Depth Psychology is a holistic mind/body/spirit branch of analytical psychology. It is exquisitely tailored for the holistic practitioner and unique for those individuals seeking meaning. This series of twelve sessions will introduce the dynamics integral to understanding depth psychology. Session topics include:
April 6, 20: Dreams
May 4, 18: Modern-Day Applications of Ancient Myths
June 1, 15: Growing Down, as Contrasted to Growing Up
July 6, 20: Symbolism in the Media
September 7, 21: Individual Symbols
October 5, 19: Neuroscience and Memory
Download an electronic flyer in PDF
Call 785-766-9441 by March 30 to register. Future meeting venues may change, depending upon the number of registrants. Further information about the content of other classes in the series will be provided via email by request at this same telephone number, and they will be updated on the this website. With enough expressed interest, an evening session may be added.
Dr. Lois E. Wilkins, PhD, APRN is a Theorist, Depth Psychotherapist, Researcher and Consultant, and she has published numerous articles and poetry.
What do Carl Jung and Jackson Pollock have in common? Join curator Jan Schall in Gallery L2, then continue to the museum’s Spencer Art Reference Library to explore Jung’s dream imagery, as recorded in his Red Book.
November 12, 11am – 12pm
The event is free but required tickets to be reserved.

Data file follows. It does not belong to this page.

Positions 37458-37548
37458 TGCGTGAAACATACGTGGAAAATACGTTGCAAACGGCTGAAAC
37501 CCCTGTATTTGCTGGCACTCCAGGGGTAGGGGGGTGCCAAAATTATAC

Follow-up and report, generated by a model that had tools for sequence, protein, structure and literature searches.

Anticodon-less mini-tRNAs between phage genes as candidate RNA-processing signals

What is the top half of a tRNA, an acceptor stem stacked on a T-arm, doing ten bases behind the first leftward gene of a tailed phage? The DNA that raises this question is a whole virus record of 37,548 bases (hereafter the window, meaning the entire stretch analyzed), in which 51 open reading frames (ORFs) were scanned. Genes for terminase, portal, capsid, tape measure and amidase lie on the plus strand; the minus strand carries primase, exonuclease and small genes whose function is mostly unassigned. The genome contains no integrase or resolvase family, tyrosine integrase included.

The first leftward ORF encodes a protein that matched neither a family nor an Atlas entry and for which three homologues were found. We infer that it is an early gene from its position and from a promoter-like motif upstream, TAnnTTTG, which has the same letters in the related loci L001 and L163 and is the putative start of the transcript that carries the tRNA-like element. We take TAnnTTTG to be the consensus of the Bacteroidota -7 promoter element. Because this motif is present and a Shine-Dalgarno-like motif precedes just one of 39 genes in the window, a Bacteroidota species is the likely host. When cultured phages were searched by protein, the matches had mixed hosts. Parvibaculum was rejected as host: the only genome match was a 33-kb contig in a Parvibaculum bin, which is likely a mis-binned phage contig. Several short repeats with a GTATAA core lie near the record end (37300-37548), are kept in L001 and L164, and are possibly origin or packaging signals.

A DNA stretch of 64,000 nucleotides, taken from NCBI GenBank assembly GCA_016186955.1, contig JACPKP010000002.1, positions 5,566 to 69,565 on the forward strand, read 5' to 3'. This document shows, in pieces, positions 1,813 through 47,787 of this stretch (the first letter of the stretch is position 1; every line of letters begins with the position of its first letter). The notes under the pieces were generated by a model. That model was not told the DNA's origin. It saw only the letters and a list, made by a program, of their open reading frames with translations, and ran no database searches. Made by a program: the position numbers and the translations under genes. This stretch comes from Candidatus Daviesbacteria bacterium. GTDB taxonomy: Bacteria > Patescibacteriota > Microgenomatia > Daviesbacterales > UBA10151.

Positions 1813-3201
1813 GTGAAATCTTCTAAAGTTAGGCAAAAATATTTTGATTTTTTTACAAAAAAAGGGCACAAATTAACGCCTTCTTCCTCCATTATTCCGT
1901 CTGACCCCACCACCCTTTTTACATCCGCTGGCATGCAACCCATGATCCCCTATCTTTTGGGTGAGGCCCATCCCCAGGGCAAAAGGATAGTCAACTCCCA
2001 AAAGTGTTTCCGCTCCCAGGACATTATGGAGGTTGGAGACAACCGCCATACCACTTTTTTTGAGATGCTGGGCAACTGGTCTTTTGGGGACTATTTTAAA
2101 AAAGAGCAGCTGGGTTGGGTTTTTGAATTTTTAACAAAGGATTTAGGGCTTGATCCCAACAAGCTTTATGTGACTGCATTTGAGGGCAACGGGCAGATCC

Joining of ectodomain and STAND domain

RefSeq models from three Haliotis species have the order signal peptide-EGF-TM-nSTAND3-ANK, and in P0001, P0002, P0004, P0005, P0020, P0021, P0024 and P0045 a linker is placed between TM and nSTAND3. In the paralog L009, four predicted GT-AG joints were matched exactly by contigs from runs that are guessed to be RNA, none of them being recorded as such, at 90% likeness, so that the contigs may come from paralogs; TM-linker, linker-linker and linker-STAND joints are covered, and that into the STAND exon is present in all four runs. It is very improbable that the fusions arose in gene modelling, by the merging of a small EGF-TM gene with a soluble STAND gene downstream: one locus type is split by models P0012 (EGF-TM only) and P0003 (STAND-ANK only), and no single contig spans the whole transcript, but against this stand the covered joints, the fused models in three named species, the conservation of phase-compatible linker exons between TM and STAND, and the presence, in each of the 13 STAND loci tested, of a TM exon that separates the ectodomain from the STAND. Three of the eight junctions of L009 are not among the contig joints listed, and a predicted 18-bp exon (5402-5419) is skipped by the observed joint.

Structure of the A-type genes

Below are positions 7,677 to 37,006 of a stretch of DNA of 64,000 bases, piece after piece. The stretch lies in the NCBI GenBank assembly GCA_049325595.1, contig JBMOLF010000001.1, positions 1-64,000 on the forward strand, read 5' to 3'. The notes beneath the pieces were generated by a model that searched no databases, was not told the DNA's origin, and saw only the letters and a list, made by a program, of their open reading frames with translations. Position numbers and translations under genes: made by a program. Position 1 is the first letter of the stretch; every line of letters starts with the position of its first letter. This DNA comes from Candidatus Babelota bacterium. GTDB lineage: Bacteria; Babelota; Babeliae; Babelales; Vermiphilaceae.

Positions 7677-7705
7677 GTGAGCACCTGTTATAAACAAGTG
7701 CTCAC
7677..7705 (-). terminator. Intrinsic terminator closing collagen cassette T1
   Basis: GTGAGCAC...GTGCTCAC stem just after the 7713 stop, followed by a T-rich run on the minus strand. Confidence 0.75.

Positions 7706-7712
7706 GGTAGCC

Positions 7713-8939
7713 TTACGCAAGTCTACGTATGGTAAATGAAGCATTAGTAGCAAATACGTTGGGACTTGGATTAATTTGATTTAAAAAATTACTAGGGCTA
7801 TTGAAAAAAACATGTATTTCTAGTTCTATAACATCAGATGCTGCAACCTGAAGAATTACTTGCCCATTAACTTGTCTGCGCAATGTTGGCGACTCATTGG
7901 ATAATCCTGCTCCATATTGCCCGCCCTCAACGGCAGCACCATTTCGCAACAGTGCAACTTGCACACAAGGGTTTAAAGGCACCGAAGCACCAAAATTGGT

Click here for details.
Well, it’s that time of year again. The programs have been planned, the brochures are being printed and mailed, and we’re looking forward to seeing you all again.
Download a PDF version of the brochure here.
Our first program is Friday, September 30, and the details can be found here.
Please contact Ken Buch for more information about dates, places, and times.
From Pythia Peay, author of America on the Couch: Psychological Perspectives on American Politics and Culture and American Icarus: A Memoir of Father and Country (Lantern Books).
Dear Friends and Colleagues,
I am very pleased and excited to announce the upcoming March launch of my 2016 Presidential Election Study Guide. I don’t know about the rest of you, but as I watched the returns from the Iowa caucus, I could feel that strange mix of anxiety, fear, excitement, and hopeful anticipation that rises up in me during every Presidential election. For while we Americans may be divided by which party we belong to, or which candidate we support, we are all united in the myriad psychological responses—uncertainty over the fate of the country; helplessness against forces that loom larger than the individual voter; and overwhelmed by the relentless media coverage, and the knowledge required to sort through complex political issues—we all experience as we do our best to make our most informed choice for the next American president. And then there are the stresses that arise from the way politics can disrupt our relationships and even alienate us from close friends and family who don’t share our political views, party, or choice of candidate. Democracy asks a lot of us!